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From what I can remember, RSA is something like this:

  • Generate 2 distinct prime numbers $p$ and $q$ that have similar bit length.
  • Compute $n=pq$ and $\phi(n)=(p-1)(q-1)$
  • Compute $e$ such that $1<e<\phi(n)$ and $\gcd(\phi(n),e)=1$. It is optimal for $e$ to be prime
  • Compute $d$ such that $ed\equiv1\pmod{\phi(n)}$
  • To encrypt a message $m$ into cipher $c$, compute $c=m^e\pmod{n}$
  • To decrypt a cipher $c$ into message $m$, compute $m=c^d\pmod{n}$

But for large $m$ values, this does not necesssarily work.

Let me use an example to demonstrate what I mean:

  • Let $p=1999$, $q=2039$, and $e=65537$ (note, all of $p$, $q$ and $e$ are prime)
  • Compute $\displaystyle n=pq=1999\times2039=4075961$
  • Compute $\displaystyle \phi(n)=(p-1)(q-1)=1998\times2038=4071924$
  • Compute $d$ such that $65537d\equiv1\pmod{4071924}$ by solving the Linear Diophantine Equation $\displaystyle 65537x-4071924y=1$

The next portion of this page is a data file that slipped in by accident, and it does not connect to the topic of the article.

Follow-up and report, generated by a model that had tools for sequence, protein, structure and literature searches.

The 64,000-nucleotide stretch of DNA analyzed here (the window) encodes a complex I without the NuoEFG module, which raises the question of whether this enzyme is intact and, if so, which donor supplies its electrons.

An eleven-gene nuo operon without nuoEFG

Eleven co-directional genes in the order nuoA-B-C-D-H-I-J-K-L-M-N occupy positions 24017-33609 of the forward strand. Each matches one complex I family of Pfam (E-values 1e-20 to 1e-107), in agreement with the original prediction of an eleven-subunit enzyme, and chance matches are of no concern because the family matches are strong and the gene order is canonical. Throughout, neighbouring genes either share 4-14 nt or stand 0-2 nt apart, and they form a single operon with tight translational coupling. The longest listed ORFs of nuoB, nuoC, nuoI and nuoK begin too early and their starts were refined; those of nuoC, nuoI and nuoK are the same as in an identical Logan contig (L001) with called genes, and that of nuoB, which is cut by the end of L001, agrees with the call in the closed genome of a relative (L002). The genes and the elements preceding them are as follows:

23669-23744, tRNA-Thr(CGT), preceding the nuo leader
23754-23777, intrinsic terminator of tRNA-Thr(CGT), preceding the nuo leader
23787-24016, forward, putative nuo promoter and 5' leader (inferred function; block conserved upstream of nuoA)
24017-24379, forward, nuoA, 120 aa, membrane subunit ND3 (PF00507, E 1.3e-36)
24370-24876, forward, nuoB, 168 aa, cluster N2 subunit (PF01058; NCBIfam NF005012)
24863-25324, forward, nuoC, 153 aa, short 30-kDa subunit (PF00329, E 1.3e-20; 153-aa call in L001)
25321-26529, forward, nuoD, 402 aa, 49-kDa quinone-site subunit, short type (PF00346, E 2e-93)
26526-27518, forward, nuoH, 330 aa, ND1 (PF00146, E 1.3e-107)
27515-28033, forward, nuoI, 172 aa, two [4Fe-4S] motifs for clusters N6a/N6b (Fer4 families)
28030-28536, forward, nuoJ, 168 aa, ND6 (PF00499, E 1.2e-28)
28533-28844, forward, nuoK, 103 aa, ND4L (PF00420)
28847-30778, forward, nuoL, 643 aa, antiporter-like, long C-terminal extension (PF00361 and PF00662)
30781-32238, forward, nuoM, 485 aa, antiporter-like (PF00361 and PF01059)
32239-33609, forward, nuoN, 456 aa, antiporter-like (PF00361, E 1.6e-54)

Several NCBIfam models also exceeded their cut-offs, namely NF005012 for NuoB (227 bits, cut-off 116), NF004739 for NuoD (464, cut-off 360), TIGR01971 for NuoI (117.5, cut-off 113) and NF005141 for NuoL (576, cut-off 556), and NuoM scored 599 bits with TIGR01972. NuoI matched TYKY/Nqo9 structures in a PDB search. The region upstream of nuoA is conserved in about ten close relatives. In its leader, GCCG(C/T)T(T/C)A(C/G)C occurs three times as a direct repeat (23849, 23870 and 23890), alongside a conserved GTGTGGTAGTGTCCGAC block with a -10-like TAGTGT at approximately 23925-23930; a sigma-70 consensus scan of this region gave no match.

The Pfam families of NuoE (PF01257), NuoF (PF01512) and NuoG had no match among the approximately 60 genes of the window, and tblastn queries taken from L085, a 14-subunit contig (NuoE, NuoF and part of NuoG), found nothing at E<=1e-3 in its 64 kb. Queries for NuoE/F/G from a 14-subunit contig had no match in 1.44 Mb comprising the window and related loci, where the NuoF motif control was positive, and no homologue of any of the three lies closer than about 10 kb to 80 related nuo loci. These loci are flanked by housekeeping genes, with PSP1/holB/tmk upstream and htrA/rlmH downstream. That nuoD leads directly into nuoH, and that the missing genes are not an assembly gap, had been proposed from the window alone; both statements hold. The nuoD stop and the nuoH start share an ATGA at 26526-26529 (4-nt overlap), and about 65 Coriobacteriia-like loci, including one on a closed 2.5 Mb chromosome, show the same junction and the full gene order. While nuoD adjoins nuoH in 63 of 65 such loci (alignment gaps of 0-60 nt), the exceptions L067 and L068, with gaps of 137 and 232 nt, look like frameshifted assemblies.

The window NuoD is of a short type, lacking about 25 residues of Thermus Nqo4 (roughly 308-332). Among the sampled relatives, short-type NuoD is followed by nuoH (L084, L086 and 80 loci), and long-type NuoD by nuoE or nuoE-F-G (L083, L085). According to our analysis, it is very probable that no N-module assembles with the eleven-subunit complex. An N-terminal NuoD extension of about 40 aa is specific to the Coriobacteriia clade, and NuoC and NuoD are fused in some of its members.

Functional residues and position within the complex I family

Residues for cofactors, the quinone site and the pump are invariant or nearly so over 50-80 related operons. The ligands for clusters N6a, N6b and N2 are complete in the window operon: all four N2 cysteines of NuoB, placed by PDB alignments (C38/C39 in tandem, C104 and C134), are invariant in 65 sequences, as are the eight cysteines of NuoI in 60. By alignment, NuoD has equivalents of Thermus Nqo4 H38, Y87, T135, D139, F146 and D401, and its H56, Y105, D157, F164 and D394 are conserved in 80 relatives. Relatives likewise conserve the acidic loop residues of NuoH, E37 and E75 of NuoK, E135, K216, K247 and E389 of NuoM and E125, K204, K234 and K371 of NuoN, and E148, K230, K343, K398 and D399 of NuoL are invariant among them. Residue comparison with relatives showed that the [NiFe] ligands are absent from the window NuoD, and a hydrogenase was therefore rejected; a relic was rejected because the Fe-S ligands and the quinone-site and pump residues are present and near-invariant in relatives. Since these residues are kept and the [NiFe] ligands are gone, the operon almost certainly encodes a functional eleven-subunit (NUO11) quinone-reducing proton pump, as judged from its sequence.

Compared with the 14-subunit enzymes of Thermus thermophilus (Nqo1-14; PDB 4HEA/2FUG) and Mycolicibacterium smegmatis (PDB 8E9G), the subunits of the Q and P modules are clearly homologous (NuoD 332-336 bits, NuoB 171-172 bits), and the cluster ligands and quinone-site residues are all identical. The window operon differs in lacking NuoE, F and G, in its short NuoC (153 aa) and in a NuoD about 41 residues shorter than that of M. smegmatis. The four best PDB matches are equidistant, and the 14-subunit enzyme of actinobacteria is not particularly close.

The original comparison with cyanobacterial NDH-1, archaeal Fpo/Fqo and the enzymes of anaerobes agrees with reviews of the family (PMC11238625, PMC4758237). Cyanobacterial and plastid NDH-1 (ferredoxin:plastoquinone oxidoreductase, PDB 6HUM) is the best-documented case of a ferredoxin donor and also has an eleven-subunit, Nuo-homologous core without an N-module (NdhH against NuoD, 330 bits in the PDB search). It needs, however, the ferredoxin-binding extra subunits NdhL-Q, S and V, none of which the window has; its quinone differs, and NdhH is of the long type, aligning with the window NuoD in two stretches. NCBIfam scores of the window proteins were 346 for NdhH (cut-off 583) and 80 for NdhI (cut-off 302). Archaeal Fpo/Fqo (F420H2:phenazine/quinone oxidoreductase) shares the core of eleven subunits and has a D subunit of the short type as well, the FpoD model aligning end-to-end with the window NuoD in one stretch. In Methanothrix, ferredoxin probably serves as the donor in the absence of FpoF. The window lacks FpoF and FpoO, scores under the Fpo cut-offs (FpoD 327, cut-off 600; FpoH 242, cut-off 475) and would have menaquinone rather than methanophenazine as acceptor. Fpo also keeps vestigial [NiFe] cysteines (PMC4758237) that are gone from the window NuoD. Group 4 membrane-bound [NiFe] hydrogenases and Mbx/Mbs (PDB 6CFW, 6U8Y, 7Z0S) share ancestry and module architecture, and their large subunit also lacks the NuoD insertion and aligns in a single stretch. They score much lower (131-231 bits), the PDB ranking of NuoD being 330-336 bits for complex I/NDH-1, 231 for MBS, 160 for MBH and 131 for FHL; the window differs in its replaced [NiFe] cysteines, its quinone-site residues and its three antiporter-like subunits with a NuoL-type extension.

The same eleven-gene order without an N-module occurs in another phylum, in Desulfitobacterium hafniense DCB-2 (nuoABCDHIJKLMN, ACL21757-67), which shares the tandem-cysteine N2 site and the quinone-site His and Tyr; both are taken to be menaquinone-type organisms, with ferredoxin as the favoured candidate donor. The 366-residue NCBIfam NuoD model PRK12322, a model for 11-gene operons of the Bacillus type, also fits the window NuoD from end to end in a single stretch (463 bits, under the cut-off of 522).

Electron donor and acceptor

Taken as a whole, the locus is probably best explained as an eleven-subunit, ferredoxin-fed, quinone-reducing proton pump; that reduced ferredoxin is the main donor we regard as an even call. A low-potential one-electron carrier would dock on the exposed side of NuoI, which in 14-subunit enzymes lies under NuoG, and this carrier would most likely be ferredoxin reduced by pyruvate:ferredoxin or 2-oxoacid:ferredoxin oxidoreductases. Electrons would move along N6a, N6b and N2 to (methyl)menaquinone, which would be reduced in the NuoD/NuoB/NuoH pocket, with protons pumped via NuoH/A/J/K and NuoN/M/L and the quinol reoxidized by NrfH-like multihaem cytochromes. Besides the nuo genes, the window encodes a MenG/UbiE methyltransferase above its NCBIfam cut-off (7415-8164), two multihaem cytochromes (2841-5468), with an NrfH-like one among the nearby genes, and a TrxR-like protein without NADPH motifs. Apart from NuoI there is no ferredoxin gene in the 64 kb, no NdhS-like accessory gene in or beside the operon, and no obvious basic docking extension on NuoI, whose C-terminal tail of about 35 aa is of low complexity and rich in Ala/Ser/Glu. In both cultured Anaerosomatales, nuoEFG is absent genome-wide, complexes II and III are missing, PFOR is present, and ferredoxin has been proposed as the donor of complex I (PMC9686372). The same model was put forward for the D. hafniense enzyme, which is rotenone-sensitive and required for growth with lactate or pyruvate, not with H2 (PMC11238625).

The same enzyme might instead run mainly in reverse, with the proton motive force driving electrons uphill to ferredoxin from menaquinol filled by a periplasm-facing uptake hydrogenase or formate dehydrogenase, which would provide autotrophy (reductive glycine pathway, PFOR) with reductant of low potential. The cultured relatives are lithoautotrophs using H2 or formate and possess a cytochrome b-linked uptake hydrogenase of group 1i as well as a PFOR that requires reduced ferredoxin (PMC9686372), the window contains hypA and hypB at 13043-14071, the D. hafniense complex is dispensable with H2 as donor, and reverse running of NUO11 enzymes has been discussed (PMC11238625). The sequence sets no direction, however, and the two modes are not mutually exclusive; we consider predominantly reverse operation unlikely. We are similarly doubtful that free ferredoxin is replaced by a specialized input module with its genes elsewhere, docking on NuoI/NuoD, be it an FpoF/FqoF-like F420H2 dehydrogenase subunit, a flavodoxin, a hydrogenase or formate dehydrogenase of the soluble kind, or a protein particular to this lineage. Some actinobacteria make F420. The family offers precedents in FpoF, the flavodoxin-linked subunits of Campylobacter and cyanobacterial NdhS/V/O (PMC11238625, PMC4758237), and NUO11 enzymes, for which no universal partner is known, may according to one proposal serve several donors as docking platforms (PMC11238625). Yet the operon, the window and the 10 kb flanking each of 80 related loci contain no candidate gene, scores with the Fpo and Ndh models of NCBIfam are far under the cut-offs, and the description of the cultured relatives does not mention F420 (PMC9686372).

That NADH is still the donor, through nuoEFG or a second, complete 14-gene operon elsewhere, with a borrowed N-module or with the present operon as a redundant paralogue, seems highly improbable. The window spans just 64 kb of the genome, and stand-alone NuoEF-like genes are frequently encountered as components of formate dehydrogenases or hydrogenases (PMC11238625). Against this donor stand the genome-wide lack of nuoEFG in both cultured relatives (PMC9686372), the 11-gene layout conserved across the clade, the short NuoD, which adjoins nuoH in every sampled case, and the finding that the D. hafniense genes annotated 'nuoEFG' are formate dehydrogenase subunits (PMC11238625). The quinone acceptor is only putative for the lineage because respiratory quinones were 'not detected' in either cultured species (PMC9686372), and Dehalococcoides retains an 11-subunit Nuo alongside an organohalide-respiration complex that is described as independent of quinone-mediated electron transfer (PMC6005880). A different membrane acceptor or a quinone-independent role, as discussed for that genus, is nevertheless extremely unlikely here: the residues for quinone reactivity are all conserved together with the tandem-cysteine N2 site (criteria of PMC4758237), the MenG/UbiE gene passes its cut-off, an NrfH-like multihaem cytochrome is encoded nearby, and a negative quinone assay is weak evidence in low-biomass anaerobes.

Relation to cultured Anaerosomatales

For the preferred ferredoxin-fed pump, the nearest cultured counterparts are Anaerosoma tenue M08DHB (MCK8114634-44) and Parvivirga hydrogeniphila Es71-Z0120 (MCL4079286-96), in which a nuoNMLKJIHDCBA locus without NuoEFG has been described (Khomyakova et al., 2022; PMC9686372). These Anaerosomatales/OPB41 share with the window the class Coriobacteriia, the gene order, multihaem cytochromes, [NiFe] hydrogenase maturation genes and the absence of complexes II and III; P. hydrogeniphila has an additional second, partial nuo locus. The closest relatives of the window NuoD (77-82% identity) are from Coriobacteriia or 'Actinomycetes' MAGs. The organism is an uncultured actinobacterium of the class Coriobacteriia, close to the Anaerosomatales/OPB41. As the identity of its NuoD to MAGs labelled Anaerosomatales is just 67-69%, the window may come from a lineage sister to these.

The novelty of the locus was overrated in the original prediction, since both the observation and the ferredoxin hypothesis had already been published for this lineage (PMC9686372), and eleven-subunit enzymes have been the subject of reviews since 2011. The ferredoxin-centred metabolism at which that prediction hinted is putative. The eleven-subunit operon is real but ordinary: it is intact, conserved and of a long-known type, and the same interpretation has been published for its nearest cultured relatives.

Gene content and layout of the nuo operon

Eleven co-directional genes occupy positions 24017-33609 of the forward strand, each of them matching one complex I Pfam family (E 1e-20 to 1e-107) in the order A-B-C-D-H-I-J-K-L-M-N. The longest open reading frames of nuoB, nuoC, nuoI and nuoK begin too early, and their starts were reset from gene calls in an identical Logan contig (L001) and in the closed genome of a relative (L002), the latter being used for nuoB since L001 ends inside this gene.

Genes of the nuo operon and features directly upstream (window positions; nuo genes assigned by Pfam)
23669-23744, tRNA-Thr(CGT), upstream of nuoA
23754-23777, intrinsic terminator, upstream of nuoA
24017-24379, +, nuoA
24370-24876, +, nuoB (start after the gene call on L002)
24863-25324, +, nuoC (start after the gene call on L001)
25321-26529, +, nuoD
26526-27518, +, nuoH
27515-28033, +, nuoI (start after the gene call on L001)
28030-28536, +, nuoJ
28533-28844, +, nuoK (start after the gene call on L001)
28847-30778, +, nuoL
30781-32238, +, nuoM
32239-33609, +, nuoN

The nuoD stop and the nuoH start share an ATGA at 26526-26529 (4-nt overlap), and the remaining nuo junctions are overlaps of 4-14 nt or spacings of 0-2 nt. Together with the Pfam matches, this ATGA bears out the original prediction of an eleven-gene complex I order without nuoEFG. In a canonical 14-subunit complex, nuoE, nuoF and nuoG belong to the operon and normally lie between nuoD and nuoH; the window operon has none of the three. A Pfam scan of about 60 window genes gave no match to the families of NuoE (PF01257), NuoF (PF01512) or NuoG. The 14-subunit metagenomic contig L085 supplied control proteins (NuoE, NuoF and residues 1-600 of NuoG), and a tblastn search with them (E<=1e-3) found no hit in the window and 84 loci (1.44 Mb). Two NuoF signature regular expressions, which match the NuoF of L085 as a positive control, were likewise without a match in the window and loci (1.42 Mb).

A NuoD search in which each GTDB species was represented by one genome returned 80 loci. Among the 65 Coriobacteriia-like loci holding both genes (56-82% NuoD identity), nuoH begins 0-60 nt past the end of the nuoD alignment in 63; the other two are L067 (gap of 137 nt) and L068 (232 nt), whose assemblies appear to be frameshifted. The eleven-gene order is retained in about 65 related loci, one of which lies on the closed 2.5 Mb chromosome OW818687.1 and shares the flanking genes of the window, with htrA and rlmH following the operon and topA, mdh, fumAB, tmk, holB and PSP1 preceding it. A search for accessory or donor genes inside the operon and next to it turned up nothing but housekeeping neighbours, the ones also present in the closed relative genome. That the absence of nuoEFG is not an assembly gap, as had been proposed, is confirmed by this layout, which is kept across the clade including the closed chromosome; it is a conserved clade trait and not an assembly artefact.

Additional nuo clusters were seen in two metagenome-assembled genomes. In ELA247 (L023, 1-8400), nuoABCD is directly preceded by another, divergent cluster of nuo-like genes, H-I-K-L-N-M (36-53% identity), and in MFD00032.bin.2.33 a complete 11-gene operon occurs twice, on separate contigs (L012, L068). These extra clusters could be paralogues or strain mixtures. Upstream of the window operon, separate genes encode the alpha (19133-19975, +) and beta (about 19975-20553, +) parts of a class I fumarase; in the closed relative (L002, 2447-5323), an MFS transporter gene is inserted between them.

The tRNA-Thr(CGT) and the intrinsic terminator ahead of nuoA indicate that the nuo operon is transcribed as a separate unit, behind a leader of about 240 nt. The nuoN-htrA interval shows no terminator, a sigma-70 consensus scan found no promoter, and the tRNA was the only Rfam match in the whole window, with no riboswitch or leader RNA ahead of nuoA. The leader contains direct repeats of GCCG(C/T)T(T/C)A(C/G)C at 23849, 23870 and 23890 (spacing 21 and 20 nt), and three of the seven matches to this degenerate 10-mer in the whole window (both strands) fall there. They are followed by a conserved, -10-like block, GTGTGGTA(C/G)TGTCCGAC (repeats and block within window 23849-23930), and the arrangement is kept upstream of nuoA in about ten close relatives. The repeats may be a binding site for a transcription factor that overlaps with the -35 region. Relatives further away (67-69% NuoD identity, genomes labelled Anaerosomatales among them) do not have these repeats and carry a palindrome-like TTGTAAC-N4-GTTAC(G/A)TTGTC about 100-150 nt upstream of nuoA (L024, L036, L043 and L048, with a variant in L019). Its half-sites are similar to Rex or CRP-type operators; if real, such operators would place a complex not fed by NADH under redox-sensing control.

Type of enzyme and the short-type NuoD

Steps to solve (using a bad implementation of the Extended Euclidean Algorithm)

$\displaystyle 65537\times63-1\times4071924=56907$

$\displaystyle 1\times65537-1\times56907=8630$

$\displaystyle 1\times56907-6\times8630=5127$

$\displaystyle 1\times8630-1\times5127=3503$

$\displaystyle 1\times5127-1\times3503=1624$

$\displaystyle 1\times3503-2\times1624=255$

$\displaystyle 1\times1624-6\times255=94$

$\displaystyle 1\times255-2\times94=67$

$\displaystyle 1\times94-1\times67=27$

$\displaystyle 1\times67-2\times27=13$

$\displaystyle 1\times27-2\times13=1$

Therefore, these things can be substituted:

$\displaystyle 1\times27-2\times(1\times67-2\times27)=5\times27-2\times67=1$

$\displaystyle 5\times(1\times94-1\times67)-2\times67=5\times94-7\times67=1$

$\displaystyle 5\times94-7\times(1\times255-2\times94)=19\times94-7\times255=1$

$\displaystyle 19\times(1\times1624-6\times255)-7\times255=19\times1624-121\times255=1$

$\displaystyle 19\times1624-121\times(1\times3503-2\times1624)=261\times1624-121\times3503=1$

$\displaystyle 261\times(1\times5127-1\times3503)-121\times3503=261\times5127-382\times3503=1$

$\displaystyle 261\times5127-382\times(1\times8630-1\times5127)=643\times5127-382\times8630=1$